Strange Things I Miss

Today happens to be a very POTSie day. Luckily, dizzy spells are much fewer and further between, but I hate when they decide to come around with a vengeance. I have been doing a new exercise protocol lately that is supposed to make me feel worse before I feel better, but I am optimistic about how much it could help me in the long run.*

Anyway, I am currently working on a post about what my POTS timeline has looked like, and the improvements I’ve made, as well as the things that are still different in my life post getting sick. It’s been so interesting for me to look back at different things I wrote throughout the years, but is great to have something tangible to look at regarding my life.

Certain things are becoming more normal, and I am pulling off looking like a normal human being like a pro. I have looked pretty normal since getting sick with POTS, since it’s an invisible illness, but I used to have to ask for help much more often. Now I think people around me often forget completely that anything is wrong with me! I hope one day this will be true. Despite being sick for over five years now, I will never stop hoping to get back to complete normalcy. I have a million different things I’m working on for the blog, so today I wanted to just touch on a few things that have been different for me the past half-decade.

1. I can’t enjoy taking showers. Sometimes I hop in a hot shower just because I am in pain and want something to release the tension in my muscles, but for the most part they’re just exhausting. I usually choose between washing my hair or shaving if I’m going to stand the whole time, and have to alternate between the two or rest quite a bit longer after I’m done. Does anyone actually find showers enjoyable? I can’t remember anymore; now they’re just exhausting.

2. I’m not very extroverted anymore. Before I got POTS, I was super extroverted. I was always around people and had an enormous circle of friends. Mentally, I still want to be doing a million things, but my body isn’t up to that. I feel tired and drained from doing too much, so I don’t go out nearly as much as I used to. When I do, it’s usually dinner or dessert with just one or a few friends, rather than hanging out in a giant group. When I first got sick I really couldn’t do anything other than try to stay optimistic, rest, and work as hard as possible to take care of my body so I could hopefully get better one day. I think some of my friends who weren’t around might have felt like I was neglecting our friendship, but in reality I just couldn’t function. I have lost touch with people I sometimes still miss. Getting sick really does show you who is going to be around for the long haul, and makes you see who has unconditional love for your friendship.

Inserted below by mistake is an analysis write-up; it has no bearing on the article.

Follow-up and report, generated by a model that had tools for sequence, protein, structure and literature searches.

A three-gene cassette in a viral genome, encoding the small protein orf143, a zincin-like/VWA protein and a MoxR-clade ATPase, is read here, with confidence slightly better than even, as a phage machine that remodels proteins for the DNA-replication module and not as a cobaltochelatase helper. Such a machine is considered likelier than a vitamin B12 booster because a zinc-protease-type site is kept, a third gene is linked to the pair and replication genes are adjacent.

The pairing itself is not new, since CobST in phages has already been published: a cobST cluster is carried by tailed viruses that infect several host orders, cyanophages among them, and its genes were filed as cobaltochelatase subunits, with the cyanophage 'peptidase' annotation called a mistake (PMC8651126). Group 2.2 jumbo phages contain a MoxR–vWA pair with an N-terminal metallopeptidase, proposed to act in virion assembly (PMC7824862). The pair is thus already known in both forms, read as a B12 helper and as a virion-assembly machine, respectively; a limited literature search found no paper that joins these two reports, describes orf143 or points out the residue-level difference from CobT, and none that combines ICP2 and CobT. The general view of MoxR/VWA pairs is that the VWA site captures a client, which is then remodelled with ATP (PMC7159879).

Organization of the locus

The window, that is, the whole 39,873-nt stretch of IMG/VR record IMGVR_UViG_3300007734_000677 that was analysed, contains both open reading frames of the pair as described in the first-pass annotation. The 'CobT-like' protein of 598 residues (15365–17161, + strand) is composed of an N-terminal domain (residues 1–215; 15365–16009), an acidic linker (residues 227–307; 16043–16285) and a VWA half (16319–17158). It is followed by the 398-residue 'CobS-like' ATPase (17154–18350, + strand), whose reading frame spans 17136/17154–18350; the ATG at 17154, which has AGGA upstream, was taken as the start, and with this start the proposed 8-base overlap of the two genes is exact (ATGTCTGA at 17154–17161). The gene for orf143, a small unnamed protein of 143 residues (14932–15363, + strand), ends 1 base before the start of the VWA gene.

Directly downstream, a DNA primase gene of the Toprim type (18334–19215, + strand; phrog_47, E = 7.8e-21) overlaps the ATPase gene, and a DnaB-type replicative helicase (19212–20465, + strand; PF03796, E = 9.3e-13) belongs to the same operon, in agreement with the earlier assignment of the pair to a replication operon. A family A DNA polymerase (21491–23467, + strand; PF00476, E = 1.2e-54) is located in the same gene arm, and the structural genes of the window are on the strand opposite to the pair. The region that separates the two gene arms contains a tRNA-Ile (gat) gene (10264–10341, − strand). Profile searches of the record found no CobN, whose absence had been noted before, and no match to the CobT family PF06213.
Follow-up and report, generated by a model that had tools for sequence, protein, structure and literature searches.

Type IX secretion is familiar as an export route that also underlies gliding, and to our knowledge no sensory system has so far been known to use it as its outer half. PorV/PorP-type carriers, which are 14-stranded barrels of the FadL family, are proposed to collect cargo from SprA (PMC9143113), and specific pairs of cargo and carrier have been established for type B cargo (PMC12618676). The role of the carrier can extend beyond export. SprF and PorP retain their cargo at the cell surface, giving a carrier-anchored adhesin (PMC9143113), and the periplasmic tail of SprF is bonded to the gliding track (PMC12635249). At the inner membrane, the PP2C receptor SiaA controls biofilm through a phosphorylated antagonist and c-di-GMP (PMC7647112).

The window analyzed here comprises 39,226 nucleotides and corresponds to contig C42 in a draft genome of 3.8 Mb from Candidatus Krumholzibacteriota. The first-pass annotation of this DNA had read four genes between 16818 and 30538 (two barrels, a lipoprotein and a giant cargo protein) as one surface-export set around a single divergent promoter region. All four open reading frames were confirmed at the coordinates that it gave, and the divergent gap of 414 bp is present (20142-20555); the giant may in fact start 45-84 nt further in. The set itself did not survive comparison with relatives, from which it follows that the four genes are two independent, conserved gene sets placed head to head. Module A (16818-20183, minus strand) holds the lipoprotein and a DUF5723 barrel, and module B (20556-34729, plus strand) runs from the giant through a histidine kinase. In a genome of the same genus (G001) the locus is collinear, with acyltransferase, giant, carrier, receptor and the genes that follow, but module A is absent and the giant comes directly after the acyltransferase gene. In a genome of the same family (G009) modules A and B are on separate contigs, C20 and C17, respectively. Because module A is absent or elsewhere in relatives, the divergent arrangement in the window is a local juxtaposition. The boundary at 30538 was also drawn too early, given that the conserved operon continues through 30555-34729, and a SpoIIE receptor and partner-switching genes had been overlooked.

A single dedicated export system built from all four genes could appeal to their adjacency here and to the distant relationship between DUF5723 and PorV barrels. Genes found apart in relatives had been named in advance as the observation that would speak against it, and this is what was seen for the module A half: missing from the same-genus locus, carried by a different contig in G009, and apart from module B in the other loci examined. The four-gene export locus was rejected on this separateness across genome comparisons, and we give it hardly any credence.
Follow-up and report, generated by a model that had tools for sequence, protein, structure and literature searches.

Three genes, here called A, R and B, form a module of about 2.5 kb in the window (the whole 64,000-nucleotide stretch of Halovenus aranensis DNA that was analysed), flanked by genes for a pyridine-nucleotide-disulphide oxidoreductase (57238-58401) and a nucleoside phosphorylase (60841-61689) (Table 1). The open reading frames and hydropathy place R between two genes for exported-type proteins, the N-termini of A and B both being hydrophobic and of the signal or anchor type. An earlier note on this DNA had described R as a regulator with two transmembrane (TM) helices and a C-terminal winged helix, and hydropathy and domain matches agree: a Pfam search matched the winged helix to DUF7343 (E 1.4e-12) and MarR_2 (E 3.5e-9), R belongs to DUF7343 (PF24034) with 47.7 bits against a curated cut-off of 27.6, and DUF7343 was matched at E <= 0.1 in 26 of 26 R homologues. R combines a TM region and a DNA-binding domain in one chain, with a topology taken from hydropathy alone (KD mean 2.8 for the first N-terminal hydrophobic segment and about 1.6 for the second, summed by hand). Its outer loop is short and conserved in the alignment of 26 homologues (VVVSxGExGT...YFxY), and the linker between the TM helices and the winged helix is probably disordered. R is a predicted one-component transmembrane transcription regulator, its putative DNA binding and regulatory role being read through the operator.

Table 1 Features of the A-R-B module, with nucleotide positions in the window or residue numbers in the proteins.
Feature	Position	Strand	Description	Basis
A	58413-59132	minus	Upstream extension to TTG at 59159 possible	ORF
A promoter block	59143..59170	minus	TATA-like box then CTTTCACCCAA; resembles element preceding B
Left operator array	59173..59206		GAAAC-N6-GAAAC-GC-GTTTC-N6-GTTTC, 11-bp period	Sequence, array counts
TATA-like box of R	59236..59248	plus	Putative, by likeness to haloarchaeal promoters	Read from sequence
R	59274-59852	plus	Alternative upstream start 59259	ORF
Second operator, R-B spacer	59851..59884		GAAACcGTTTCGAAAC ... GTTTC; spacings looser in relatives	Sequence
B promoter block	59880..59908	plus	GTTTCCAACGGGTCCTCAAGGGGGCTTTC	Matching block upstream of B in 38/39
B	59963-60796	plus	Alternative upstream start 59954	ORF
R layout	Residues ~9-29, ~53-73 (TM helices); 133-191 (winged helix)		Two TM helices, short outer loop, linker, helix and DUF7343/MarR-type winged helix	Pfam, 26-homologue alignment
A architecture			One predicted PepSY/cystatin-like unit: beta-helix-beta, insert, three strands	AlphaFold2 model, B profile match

3. I miss writing for hours on end. My favorite thing in the world has always been writing, even back in elementary school or high school when writing wasn’t supposed to be fun. I always said English was my favorite subject, even when other kids would say “lunch,” “recess,” or “gym.” I loved learning more about our language and how to write things that people would enjoy reading. It’s difficult for me to sit at a computer and type for hours without feeling it after, and then being in a lot of pain for days after. I am very slowly working on endurance, and hope to be writing more and more.

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4. I miss being a helper. Before I got POTS I was independent and strong. I loved helping other people in any way I could, and was always there to do acts of service. There is nothing I hate more than having to swallow my pride and ask others for help. I’ve had to do that a lot the past few years, and it honestly doesn’t get much easier. I hate inconveniencing others, and I have a really hard time telling people I need something. I am still working on communicating better, but in the meantime I use my writing as an outlet.

5. I wish I could have my old dreams back. I dreamt of living in New York City as a magazine editor, and thought about how many lives I would change through my writing. I wanted to be able to support myself, pay my parents back for school, and afford my own life. I wanted to keep pushing myself and training for another half marathon, and I wanted to collect a million new skills from the new people I’d meet.

I have set new and more realistic goals, and am focusing on getting my body in shape so I can reach higher. Despite my life being much more complicated now, it’s also somehow become more simple. I realize how much I value the people who are in my life, and how important they are compared to everything else in the world. I’ve learned to appreciate the many blessings I do have, and how to live in the moment better. I still feel like I’m looking to find my purpose in the world, but I also trust God now more than ever to have better plans for me than I ever did for myself. I’m just trying to figure out what that is now.


*For any POTSies who are curious, I am doing the Levine protocol.

Handicapped? Really?

One thing every single young chronically ill person will tell you about is the incredibly frustrating battle that comes with having an invisible illness. We are constantly trying to regain normalcy in our lives, but also have to roll with the punches through the symptoms our illness brings along for the ride. For example, I can’t do many of my favorite activities anymore — let alone even just be outdoors in crazy heat — however, I don’t like being different and asking for help, even when I need it.

Today I went to my alma mater to run a quick errand. I wasn’t feeling particularly great, but I told myself that it would only take five minutes and to suck it up and get it over with. I mapped everything out in my head and went to my usual parking space. It’s one of two handicapped visitors spaces, both of which are always available. I sat for a minute to prepare for my walk up the hill and grumbled in my head about how I wasn’t up to my heart racing today so to just take it slow.